Info on configuring bro inline in AWS as IDS

Hello Bros:

I’m just now installing bro for the government website at Small Business Admin.

The plan is to have bro behind our public ELBs as an in-line IDS, then route traffic to internal ELBs in front of our application / web servers.

As this is AWS, no tap is possible and the EC2s can be run in promiscuous mode either.

After a quick review of the documentation, I don’t see where I can configure the routing once bro has done its work.

I.E. if I configure:

bro -i en0 <list of scripts to load>

do I need to then configure a script that will export all traffic to another agent such as an ELB or nginx ?

Any help would be appreceated.


I’m not very familiar with Amazon ELBs, but this is an interesting model so I have a couple clarifying questions to make sure we understand what you’re trying to do

  1. So the model is ext_ELB → Bro/router → int_ELB, using Bro as an IPS rather than IDS? Are you planning multiple Bro instances to handle the load and provide failover?

  2. Bro, by itself, is not a routing engine. It doesn’t pass traffic out to another interface once it’s done examining it.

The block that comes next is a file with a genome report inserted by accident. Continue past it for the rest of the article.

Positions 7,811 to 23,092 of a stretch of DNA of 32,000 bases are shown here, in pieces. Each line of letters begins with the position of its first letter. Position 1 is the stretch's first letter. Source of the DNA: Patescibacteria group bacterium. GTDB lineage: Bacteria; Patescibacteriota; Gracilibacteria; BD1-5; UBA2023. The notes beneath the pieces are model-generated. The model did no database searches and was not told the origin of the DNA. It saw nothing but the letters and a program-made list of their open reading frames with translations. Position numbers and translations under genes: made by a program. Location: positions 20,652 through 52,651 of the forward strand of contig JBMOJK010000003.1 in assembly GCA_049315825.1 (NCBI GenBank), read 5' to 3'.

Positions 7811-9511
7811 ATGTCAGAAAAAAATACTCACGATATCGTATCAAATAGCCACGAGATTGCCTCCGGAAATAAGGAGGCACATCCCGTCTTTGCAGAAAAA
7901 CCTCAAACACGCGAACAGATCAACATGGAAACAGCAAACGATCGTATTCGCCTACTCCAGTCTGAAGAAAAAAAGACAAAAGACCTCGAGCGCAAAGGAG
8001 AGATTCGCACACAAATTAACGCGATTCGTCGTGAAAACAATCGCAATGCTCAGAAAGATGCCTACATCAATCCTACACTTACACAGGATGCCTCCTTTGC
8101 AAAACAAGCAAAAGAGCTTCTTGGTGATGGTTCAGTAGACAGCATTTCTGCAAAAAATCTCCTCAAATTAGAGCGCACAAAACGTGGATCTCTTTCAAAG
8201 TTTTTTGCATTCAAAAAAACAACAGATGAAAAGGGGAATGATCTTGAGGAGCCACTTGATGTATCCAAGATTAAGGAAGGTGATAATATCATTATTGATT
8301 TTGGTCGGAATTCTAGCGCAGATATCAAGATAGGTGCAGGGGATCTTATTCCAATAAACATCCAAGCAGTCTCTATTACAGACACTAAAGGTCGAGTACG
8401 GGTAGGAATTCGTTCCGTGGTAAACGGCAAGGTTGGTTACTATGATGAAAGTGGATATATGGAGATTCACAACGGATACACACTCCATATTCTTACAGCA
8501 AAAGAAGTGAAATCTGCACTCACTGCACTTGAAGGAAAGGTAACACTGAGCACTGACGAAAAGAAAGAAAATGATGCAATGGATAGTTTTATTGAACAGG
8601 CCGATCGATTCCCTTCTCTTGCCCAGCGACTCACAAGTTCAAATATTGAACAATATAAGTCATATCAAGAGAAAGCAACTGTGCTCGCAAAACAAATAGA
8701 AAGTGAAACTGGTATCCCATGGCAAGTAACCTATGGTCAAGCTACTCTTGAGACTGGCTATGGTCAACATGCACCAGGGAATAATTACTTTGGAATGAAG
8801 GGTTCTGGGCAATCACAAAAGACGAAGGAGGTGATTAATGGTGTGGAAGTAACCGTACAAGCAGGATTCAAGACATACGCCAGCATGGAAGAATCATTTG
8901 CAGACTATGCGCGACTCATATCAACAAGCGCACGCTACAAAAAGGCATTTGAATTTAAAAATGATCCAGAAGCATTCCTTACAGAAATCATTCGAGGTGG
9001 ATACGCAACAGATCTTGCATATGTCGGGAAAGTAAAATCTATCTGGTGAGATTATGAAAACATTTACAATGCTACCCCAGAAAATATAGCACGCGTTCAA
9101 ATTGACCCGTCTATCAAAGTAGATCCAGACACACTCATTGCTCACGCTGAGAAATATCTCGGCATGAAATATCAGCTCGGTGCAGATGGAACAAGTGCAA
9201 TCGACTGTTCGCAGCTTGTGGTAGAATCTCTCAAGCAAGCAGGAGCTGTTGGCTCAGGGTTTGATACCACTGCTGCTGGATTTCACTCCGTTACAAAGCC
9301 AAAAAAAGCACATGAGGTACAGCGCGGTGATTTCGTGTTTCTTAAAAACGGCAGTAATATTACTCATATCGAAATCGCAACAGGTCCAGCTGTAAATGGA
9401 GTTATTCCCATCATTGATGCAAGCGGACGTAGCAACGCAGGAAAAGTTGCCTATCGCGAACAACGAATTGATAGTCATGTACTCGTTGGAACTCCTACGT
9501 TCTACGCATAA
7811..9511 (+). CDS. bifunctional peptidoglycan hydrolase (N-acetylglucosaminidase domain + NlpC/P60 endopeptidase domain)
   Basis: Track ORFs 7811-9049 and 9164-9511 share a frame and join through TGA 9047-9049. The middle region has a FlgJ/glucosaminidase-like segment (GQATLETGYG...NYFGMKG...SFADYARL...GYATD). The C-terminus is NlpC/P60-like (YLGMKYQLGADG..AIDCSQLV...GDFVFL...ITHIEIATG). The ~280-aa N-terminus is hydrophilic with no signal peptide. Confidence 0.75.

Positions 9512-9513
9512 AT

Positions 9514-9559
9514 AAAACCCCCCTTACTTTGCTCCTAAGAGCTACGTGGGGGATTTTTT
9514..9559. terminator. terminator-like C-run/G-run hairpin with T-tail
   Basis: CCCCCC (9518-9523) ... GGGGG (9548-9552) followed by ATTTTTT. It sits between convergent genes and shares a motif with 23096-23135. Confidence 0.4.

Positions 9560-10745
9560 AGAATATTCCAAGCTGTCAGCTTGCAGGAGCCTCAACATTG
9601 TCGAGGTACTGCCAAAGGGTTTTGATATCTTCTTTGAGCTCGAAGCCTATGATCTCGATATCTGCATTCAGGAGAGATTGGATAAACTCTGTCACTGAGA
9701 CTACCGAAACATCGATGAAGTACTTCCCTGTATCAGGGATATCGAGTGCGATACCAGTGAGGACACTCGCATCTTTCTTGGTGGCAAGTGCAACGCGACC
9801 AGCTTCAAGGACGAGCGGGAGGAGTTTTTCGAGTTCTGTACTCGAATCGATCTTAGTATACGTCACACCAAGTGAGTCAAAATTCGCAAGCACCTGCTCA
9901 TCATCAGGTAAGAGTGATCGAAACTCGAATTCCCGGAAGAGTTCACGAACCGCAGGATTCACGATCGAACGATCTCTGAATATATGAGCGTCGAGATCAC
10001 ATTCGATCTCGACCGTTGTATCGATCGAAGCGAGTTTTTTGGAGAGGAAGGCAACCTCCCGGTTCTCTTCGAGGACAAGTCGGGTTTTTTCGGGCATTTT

If I understand what you’re trying to do, you’d need to setup a software router (pfSense, Clickrouter, PacketBricks?, Microtik’s RouterOS) have it mirror traffic to Bro, and then write Bro policies to inject rules into the router as needed. I’m not sure if someone has already done it, but it wouldn’t be an insignificant effort.

(I believe Amazon supports a few virtual IPS appliances, like Palo Alto or Juniper as well.)


Oh, thanks, Mike…

Comments/responses posted below.

Because AWS doesn’t provide any concept of a tap, there are really only two ways to run an IDS in AWS:

  1. Have a central Bro worker node, and on each system where you want to examine the traffic, set up a VPN tunnel with OpenVPN to your Bro node, and use a tool called daemonlogger to sniff traffic off the ethernet interface and send it out over the OpenVPN interface. On the Bro worker node, you run one Bro instance per OpenVPN interface.
  2. Directly on the nodes whose traffic you want to monitor, run a Bro worker, configured to monitor its network interface.

(I recall reading a document from Amazon about setting up the former, but I’m unable to find it right now.)